George Russell believes the Spa-Francorchamps circuit remains safe enough in its current form and that identifying a solution to visibility problems in the wet is the biggest issue that must be addressed.
The home of the Belgian Grand Prix has come under fire in recent years after tragic accidents claimed the lives of Anthoine Hubert in a Formula 2 race in 2019 and FRECA driver Dilano van t’Hoff last month.
Despite acknowledging that Spa remains one of the more dangerous track configurations on the Formula 1 calendar, Russell believes the venue remains safe enough for racing.
“At the moment it’s sort of constant comms with the FIA following the tragic passing of Dilano in FRECA,” Russell said when asked to clarify the GPDA’s position on Spa.
“The two questions are is Spa safe enough and then it’s the question of the conditions. The fact is motorsport will always be dangerous when you’re travelling at these speeds. If you were to put a ranking of risk of all of the circuits, for sure Spa is one of the riskier circuits, along with Jeddah, along with Monaco, for example. Suzuka to a degree.
“Then when you’ve got a combination of the weather, it’s very challenging. It’s the visibility, we just have no visibility whatsoever. The way I describe it to try and give some perspective is driving down the motorway in pouring rain and turning your windscreen wipers off. That’s genuinely how it feels in the cockpit.
“There’s not really any short-term solutions, I personally think Spa is safe enough. We just need to find a solution for visibility.”
“We’ve spoken about it and I think between everybody we’ve concluded that we don’t think it needs [changing],” he added.
“They’ve made a lot of progress with the runoff, that’s probably the most important thing.”
The drivers have arrived in Belgium for the final race ahead of the summer break amid downpours and the weekend forecast displays that the rain is likely to stick around.
In 2021 the race was contentiously abandoned after only a handful of laps behind the Safety Car due to extreme weather conditions – but two years on, Russell, who scored his maiden podium that day, insists that it was the “correct decision”.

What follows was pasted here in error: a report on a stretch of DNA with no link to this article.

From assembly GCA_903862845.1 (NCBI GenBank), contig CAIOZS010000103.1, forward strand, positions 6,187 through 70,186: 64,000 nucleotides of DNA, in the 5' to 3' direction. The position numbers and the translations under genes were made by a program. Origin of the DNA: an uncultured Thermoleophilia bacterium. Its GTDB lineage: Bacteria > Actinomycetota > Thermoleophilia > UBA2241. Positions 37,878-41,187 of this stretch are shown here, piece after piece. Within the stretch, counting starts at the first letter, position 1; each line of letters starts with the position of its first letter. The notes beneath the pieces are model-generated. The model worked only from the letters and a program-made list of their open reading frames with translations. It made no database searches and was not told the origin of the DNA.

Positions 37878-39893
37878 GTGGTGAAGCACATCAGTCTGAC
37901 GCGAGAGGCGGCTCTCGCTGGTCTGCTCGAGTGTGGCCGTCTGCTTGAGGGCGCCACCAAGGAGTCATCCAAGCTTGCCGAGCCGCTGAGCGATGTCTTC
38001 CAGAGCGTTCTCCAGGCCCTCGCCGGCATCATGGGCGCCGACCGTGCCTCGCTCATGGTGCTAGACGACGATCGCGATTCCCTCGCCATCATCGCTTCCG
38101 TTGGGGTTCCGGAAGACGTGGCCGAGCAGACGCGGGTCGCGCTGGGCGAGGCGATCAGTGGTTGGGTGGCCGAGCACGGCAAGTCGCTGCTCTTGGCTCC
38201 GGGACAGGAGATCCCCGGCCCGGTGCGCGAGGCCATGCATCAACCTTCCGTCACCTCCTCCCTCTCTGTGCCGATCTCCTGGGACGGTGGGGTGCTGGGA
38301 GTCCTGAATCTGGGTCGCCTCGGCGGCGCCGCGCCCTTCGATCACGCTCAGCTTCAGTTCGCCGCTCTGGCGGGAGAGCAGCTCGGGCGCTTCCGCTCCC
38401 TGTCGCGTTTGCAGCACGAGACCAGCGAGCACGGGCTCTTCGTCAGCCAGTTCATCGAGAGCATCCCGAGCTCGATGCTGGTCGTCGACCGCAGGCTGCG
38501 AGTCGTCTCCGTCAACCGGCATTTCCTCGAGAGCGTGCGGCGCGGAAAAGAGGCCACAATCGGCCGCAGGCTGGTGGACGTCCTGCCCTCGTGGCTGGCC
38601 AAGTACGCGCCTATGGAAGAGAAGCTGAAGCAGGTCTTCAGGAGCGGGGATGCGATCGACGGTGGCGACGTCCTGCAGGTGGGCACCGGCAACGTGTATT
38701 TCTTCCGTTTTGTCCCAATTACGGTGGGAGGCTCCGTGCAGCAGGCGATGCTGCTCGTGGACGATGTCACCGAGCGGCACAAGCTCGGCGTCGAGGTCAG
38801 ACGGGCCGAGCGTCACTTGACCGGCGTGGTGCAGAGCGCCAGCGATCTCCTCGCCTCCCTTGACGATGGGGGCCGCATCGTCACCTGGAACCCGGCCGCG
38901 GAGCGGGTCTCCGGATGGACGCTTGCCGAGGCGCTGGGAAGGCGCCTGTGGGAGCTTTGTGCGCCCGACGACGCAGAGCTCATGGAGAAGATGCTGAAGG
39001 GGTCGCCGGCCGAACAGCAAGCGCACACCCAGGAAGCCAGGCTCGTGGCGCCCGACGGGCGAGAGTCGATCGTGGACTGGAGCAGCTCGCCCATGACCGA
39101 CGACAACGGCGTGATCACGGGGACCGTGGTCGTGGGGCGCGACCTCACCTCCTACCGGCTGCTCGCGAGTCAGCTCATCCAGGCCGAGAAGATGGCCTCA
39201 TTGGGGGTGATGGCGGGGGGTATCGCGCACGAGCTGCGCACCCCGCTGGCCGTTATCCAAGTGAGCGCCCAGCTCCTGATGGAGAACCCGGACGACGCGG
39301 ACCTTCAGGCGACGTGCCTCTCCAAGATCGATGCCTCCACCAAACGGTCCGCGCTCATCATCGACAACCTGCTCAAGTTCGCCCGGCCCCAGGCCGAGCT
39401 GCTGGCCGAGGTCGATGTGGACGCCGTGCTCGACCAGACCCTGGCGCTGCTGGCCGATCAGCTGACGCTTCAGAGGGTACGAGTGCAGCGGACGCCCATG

“For one single Formula 1 car to drive around, the conditions are safe enough and suitable enough to drive,” he explained. “But it’s when you’ve got 20 cars on track at once, and anybody from third position backwards literally cannot see from here to this wall, so you’re talking 20, 30, 40 metres.
“I felt like the incident that happened in FRECA, it was only really a matter of time before something like that happened. Drivers aren’t going flat out in the straight because they can’t see. Somebody gets rear-ended and then there’s a car in the middle of the track.
“Obviously to have a race cancelled is not perfect for anybody. But we don’t want to see a huge incident as we’ve just seen.”
The poor handling of that particular race eventually forced changes to be pushed through regarding the awarding of points for races not run under green flag conditions.
While it proved unpopular at the time, Russell says the FIA has a “big responsibility” this weekend to ensure that safety is prioritised in the event of bad weather intervening.
“I think fortunately the weather looks better on Sunday, so I think Sunday will be going ahead,” the Brit summarised. “But following recent events, I think the FIA have to be bold with their decisions when it comes to safety, when it comes to visibility.
“We know what the situation was two years ago, we don’t want it to be strung out as perhaps it was then. But as I said, we’re going to need some bold decisions.
“We want to race, everybody wants to race. When you’re going down that straight at 200 mph and you can’t see 50 metres in front of you, there will be huge incidents. They’ve got a big responsibility this weekend.”